Alfred Moore was ostensibly a poultry farmer living with his wife and four young children at a small holding known as Whinney Close Farm, at Kirkheaton, a small village on the outskirts of Huddersfield in West Yorkshire, writes Steve Lawson. The year was 1951. Moore had long been suspected by the Huddersfield Divisional CID of the West Riding Constabulary of being a burglar, a fact that Moore would later admit in court.
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- Pic of Alfred Moore above
In an attempt to bring Alfred Moore to justice, on the night of Saturday 14th July 1951 10 police officers all in civilian clothes and, under the overall command of Detective Chief Inspector Arthur Leslie Jenkins, put the farmhouse under surveillance. It was said that all roads, footpaths and access routes to the farm were covered and anyone entering or leaving the property would be seen. This cordon of police officers was said to be in position by 11.45pm. There was no moon and it was a cloudy night. It was said that across open ground visibility was good for sixty yards, against hedgerows and walls it was no more than thirty yards.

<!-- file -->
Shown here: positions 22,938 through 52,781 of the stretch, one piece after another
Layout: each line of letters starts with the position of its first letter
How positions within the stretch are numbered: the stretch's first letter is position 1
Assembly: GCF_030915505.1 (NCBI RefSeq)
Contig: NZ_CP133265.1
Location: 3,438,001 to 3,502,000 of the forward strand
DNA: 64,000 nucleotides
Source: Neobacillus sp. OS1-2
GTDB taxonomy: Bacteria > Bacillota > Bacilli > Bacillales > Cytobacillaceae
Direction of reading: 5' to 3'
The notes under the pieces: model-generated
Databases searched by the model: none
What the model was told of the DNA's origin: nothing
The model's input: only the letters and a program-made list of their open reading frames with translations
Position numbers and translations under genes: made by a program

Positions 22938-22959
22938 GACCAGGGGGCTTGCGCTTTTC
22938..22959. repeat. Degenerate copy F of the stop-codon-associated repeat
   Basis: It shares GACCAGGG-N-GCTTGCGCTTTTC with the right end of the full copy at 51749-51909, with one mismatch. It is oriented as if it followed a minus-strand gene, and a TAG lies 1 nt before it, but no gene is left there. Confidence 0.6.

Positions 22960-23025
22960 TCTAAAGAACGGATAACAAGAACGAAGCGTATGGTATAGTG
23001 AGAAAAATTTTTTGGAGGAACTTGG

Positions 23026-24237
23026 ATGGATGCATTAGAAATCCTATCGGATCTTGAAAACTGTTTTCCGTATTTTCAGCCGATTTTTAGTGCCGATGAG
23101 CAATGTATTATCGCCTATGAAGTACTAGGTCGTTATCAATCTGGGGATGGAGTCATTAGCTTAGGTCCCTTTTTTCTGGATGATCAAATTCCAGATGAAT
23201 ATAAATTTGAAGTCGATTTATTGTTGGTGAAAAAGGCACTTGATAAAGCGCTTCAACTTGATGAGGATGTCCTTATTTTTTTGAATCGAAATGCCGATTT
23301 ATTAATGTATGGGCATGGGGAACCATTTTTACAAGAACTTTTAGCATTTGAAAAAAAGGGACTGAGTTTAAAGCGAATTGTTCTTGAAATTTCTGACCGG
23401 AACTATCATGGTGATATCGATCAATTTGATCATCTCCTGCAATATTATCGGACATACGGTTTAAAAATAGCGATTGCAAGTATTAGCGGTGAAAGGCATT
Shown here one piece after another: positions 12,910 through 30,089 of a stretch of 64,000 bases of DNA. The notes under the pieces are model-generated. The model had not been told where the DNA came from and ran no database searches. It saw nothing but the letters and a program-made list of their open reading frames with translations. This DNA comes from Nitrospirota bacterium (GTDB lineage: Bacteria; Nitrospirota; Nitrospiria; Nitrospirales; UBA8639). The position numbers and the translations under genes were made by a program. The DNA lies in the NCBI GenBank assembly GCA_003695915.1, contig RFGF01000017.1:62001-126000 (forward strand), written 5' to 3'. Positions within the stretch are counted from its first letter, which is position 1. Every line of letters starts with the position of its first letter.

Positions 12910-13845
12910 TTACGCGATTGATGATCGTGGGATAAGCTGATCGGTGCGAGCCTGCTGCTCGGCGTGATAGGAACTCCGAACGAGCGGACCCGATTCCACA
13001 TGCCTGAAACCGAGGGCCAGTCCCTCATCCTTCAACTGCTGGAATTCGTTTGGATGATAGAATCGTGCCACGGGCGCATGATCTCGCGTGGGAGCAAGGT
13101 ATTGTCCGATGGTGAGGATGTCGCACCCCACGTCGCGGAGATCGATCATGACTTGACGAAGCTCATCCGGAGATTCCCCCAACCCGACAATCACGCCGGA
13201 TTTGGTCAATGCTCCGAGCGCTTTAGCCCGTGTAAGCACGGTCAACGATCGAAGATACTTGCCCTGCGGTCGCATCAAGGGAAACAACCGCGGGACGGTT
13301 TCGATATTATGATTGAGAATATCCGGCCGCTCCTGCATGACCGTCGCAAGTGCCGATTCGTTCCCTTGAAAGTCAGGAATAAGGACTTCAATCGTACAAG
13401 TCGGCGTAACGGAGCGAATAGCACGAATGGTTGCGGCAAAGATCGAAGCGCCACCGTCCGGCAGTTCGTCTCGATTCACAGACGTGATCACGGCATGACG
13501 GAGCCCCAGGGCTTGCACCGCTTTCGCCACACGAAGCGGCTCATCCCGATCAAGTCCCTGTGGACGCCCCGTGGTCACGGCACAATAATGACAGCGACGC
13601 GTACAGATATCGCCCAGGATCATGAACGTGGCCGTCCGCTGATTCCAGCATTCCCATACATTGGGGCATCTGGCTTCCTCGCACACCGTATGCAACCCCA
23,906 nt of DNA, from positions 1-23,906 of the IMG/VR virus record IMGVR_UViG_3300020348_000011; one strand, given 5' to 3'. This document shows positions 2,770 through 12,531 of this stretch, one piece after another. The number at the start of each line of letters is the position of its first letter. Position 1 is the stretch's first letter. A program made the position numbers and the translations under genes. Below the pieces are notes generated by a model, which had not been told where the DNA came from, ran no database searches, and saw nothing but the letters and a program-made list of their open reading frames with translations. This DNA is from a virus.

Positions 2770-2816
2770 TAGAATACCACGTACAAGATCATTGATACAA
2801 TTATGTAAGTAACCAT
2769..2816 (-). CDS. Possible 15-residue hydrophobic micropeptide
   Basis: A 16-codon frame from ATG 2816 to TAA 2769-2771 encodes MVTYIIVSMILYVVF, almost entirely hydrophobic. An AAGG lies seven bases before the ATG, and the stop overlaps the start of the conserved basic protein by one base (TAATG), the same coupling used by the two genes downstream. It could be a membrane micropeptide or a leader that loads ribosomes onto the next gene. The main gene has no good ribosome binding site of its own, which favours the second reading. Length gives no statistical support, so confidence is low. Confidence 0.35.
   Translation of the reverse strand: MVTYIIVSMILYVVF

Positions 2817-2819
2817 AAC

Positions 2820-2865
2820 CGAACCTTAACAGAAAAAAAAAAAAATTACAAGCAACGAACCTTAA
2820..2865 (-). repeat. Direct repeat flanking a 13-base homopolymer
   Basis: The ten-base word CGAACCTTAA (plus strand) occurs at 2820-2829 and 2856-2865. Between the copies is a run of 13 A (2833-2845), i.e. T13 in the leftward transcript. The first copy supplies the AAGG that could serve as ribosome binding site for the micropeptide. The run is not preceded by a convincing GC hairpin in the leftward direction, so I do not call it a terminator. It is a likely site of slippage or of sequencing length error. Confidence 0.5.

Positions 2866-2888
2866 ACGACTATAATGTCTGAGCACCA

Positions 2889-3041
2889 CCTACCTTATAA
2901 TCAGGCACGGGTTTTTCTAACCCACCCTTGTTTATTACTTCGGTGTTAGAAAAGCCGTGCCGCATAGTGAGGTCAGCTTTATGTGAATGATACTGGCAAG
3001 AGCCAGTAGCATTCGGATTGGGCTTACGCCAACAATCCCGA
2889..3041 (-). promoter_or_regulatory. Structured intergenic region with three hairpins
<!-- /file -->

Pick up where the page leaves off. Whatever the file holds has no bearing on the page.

All was quiet until about 2am the following morning when the still night air was shattered by the sound of several gunshots. These appeared to come from fields to the south of farm. One of the police officers, PC Sellick shortly afterwards found two comrades lying in the grass near to a footpath, both had been shot. Detective Inspector Duncan Alexander Fraser, 46 years of age, was dead. Police Constable Arthur Gordon Jagger, 42 years, was seriously wounded and was to die some thirty hours later.
Alfred Moore was arrested about three hours later at his home and he denied any involvement in the shootings. His defence was one of alibi (‘… it could not have been me because at the material time, I was at home in bed…).